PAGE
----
Model selection/hyperparameter selection

  • [checked]  We used the online feedback of the leaderboard.
  • [not checked]  K-fold or leave-one-out cross-validation (using training data)
  • [not checked]  Virtual leave-one-out (closed for estimations of LOO with a single classifier training)
  • [not checked]  Out-of-bag estimation (for bagging methods)
  • [not checked]  Bootstrap estimation (other than out-of-bag)
  • [not checked]  Other cross-validation method
  • [not checked]  Bayesian model selection
  • [not checked]  Penalty-based method (non-Bayesian)
  • [not checked]  Bi-level optimization
  • [checked]  Other method not listed above (specify below)

Details on model selection:

As stated earlier, we created our test dataset in the same fashion as the actual.


Final Team Submission

Scores shown in the table below are Cup scores, not leaderboard scores. The difference between the two is described on the Evaluation page.

A reader should also know from reading the fact sheet what the strength of the method is.

Please comment about the following:

Quantitative advantages (e.g., compact feature subset, simplicity, computational advantages).

It is our opinion that our approach is more computationally efficient that trees. However we didn't build a comparable tree based classifier so we are not certain. Conceptually our approach is very simple.

Qualitative advantages (e.g. compute posterior probabilities, theoretically motivated, has some elements of novelty).

We believe our combination of GBM and SVD has elements of novelty. Certainly we may have just re-invented the wheel. We will find out during the conference.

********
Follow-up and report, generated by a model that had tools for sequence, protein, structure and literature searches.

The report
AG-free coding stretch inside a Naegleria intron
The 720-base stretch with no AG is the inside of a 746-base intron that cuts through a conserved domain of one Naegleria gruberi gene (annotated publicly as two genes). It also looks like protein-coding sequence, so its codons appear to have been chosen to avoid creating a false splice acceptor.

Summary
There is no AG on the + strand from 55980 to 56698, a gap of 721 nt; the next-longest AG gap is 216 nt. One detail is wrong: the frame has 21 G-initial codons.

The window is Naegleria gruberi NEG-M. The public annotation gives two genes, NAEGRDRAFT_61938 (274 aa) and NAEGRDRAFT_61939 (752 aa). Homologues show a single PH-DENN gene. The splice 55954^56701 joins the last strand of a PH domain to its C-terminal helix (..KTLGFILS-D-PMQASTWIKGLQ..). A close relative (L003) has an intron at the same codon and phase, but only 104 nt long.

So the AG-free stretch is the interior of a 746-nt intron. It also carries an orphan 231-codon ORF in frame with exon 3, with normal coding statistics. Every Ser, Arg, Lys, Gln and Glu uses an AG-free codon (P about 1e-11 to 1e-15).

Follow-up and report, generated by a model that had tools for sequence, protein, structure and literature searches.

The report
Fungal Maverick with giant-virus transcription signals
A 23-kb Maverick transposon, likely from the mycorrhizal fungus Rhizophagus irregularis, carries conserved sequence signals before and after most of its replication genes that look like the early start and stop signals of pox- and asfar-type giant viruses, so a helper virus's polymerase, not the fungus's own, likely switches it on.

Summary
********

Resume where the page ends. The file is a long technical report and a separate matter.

Other methods. List other methods you tried.

We tried some tree-like approach to improve the result further with no success.

How helpful did you find the included KC models?

  • [selected]  Crucial in getting good predictions
  • [not selected]  Somewhat helpful in getting good predictions
  • [not selected]  Neutral
  • [not selected]  Not particularly helpful
  • [not selected]  Irrelevant

If you learned latent factors, how helpful were they?

  • [selected]  Crucial in getting good predictions
  • [not selected]  Somewhat helpful in getting good predictions
  • [not selected]  Neutral
  • [not selected]  Not particularly helpful
  • [not selected]  Irrelevant

Details on the relevance of the KC models and latent factors:

KCs are very important. It is worth noting that the 3rd KC, (rules), on the Algebra dataset is by far the best one. It is a pity that we don't have it on the other dataset.

Software Implementation


  • [checked]  Proprietary in-house software
  • [not checked]  Commercially available in-house software
  • [not checked]  Freeware or shareware in-house software
  • [not checked]  Off-the-shelf third party commercial software
  • [not checked]  Off-the-shelf third party freeware or shareware


  • [checked]  C/C++
  • [not checked]  Java
  • [not checked]  Matlab
  • [not checked]  Python/NumPy/SciPy
  • [not checked]  Other (specify below)

Details on software implementation:

We did some data exploration in R but soon it was clear that it was too slow. We wrote our entire program in C++ with freely available math libraries for the SVD part.